Research showing that the bottom 10 per cent of the population has seen its income fall by 17 per cent, while the top tenth has seen a 62 per cent rise, has been supplemented by new data on spending and mobility.
When spending is examined, far from falling, that of the bottom 10 per cent has risen by around 14 per cent. And those who make up the bottom 10 per cent are not a static, poverty-ridden underclass, but a much more mobile group than many once thought - with between a quarter and a half moving out of the bottom 10 per cent each year to be replaced by others falling down the income ladder.
The world is more complex than it seemed - and the evidence that the poor have got absolutely poorer since 1979 is decidedly suspect.
The latest figures are the first good news the Tories have had on the subject in a decade, and Peter Lilley, the Secretary of State for Social Security, was using them yesterday.
But as with all figures, there are problems. For a start, a tenth of the population is a huge number of people - 5.7 million. And the data from which all the figures come, household surveys, exclude those at the very bottom of the pile - the homeless on the streets, those in hostels and in bed and breakfast. Their numbers are not large, but there are undoubtedly many more of them than 20 years ago and they are the visible evidence of a more unequal society.
This is the core of the argument. For whether or not the bottom 10 per cent have got absolutely poorer since the mid-1970s - the widening gap in income distribution started before Margaret Thatcher came to power - it is clear they are relatively poorer, compared both to the middle and the top.
For them, paradise has been denied. Even using the spending figures - which show a less sharp growth in inequality than the income figures - those at the top have done three times better than those at the bottom, and have been able to save an awful lot more to boot. And while widening inequalities have been a feature of most developed societies in recent years, what evidence there is suggests that inequalities have widened faster in the UK than in most other countries.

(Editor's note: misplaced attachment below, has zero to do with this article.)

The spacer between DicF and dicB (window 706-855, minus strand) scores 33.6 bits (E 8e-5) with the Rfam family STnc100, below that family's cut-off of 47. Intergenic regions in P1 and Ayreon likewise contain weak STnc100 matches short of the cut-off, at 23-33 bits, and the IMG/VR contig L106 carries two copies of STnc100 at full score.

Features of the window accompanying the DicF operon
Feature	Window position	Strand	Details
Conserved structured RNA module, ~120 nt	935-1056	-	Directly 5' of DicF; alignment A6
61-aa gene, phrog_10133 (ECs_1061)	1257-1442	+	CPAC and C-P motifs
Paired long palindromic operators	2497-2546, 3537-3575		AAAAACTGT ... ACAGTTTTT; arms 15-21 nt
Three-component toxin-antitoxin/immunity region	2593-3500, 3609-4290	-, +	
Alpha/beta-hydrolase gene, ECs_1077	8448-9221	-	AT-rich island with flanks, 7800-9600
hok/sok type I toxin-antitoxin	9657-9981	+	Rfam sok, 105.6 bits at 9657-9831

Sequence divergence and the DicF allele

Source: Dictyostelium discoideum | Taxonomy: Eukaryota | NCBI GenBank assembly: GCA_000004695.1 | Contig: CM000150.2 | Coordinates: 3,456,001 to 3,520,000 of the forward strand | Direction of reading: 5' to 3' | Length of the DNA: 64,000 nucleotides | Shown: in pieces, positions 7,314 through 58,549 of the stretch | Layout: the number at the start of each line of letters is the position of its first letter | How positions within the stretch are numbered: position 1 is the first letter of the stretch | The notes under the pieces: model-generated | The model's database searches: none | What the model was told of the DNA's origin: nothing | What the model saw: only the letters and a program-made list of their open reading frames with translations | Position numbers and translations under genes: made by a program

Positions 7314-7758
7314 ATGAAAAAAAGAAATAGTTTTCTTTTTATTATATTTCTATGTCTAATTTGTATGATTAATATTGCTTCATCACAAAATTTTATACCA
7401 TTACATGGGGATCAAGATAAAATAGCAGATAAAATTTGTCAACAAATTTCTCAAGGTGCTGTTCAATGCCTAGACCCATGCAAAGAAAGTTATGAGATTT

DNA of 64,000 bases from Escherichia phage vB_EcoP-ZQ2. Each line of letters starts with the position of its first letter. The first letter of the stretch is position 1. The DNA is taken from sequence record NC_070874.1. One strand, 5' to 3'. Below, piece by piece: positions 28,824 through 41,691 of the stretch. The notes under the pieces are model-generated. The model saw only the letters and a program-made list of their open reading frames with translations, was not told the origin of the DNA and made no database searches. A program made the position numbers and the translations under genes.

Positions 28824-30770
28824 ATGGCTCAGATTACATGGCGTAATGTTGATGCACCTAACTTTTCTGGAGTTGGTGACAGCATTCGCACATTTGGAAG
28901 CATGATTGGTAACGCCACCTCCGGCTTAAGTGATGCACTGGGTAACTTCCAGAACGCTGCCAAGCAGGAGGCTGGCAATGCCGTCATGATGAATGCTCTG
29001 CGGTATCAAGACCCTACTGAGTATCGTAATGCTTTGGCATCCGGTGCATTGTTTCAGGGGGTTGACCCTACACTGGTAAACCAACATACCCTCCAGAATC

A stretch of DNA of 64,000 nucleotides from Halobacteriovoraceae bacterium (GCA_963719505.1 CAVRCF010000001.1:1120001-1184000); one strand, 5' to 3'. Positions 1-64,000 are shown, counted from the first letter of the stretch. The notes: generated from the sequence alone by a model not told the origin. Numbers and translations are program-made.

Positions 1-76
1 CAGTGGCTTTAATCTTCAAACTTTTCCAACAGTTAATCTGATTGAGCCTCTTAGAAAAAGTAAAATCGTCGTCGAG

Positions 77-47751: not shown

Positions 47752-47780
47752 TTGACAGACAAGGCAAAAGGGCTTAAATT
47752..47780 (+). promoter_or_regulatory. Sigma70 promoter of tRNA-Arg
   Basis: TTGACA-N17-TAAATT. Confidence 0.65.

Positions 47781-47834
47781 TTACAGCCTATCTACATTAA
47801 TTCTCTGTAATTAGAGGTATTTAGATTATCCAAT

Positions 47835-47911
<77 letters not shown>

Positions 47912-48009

The challenge Peter Lilley laid down yesterday to those who believe society is too unequal was to state what level of inequality they would accept - and why. But it begs exactly the same counter-question to those who believe the recent acceleration in inequality not only does not matter but has been a positive good because it has provided greater rewards to those who have succeeded. What final level of inequality are they prepared to accept, and why? And do they believe the current trend is sustainable?
The challenge is a real one for both parties, and it is unlikelythe trend will cease under the next government. It is driven not just by domestic policies on taxation, employment and benefits, but by global forces which include trade and technology.
To halt, even to reduce, the trend towards greater inequality at the bottom is likely to require higher spending - on in-work benefits, on education and on training as well as on benefits. Dramatic economic growth aside, that means either higher taxes or a more selective welfare state in pensions, education and health: a route which would further detach the have-a-lots from the have-nots, while hitting those in the middle who are only just too well off to qualify for tax-funded aid.
Neither provides an easy answer. But without one, the poor will not only always be with us but are likely to get relatively poorer.Reuse content